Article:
Bolivia’s Defense Pact With Iran

By Daniel Nardini

Lawndale News Chicago's Bilingual Newspaper - CommentaryThe Argentinian government has expressed deep concern to the Bolivian government about its recent defense treaty with Iran. The Argentinian government has sent an official inquiry to the Bolivian embassy trying to figure out why Bolivia would need such a military pact with a country known for backing terrorist groups and selling military hardware to rogue countries like Russia. Bolivia is not being threatened by any of its neighbors, and the details about this military pact are quite murky to put it mildly. What exactly will Iran give to Bolivia in terms of weaponry? What kind of training will the Iranian military give to the Bolivian military, and can such training be used by the Bolivian military to threaten its neighbors?

These questions are making Argentina wonder why such a military defense pact with Iran was signed in the first place. Under current leftist President Evo Morales, Bolivia has more than anything become a threat to its neighbors. Bolvia has a land dispute with Chile about a land corridor to the Pacific Ocean. Before 1879, Bolivia had a land corridor through part of the Atacoma Desert to the Pacific Ocean. Chile on the one hand and Bolivia and Peru on the other fought for control of this land corridor in the War of the Pacific where Chile, with the support of Argentina, won and forced Bolivia to give up this land corridor to Chile. Bolivia never really accepted this loss of territory, and recently Evo Morales has made it a cornerstone of his policy in dealing with Chile.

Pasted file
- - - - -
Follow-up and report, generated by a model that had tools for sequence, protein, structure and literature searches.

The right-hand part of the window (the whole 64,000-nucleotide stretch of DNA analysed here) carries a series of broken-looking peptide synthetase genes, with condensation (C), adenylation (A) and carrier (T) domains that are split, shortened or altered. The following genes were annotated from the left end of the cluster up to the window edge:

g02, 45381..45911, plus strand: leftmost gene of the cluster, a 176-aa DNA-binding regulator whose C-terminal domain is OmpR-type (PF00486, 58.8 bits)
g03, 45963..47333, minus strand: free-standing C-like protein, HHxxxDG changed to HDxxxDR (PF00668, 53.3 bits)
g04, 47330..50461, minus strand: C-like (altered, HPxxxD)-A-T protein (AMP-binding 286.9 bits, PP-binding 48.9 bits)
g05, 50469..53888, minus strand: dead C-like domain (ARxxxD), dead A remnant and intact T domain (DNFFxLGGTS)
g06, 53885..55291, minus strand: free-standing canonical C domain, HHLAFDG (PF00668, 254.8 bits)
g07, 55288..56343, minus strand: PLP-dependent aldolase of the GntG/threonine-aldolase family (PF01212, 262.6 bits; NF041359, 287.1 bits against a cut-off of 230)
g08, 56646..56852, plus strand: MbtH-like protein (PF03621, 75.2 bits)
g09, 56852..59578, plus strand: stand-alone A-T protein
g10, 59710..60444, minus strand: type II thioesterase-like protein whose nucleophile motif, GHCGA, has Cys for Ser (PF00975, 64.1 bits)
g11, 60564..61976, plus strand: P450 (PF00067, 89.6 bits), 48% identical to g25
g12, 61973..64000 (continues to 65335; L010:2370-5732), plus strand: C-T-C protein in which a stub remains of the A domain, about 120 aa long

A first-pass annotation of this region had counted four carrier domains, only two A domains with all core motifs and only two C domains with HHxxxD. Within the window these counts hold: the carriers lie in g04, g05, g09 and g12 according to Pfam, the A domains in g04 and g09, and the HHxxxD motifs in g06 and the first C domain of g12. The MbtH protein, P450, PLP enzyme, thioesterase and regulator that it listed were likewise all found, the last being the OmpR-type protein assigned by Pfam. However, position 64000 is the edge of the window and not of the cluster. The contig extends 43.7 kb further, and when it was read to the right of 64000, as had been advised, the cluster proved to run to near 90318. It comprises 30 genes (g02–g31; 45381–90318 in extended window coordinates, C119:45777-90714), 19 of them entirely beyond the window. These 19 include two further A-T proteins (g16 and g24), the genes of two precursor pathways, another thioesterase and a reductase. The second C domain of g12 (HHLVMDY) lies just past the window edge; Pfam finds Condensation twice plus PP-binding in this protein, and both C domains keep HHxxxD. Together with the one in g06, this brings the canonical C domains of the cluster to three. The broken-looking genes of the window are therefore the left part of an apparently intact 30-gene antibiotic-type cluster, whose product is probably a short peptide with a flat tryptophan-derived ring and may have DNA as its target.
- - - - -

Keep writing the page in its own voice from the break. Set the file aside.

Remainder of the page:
This military treaty between Chile and Iran should also be raising alarm bells in the United States. Any military agreement with a rogue state like Iran in the Americas is troubling. What exactly are Bolivia’s intentions in working with Iran? What does Iran want in South America? Just as alarming is that the Bolivian government has identified the United States as “the greatest danger to our sovereignty.” How is this possible? The United States has no armed forces in the region, and at this point has not armed any of the South American countries neighboring Bolivia. What has Bolivia to fear from the United States? All of this should raise suspicions in the United States as it is doing among Bolivia’s neighbors about what the Bolivian government is up to. With Iran actively helping the Russian government in its war against Ukraine, the whole of the Americas should be concerned about what Iran’s plans are in South America, and what Bolivia’s plans are against its neighbors.

Comments are closed.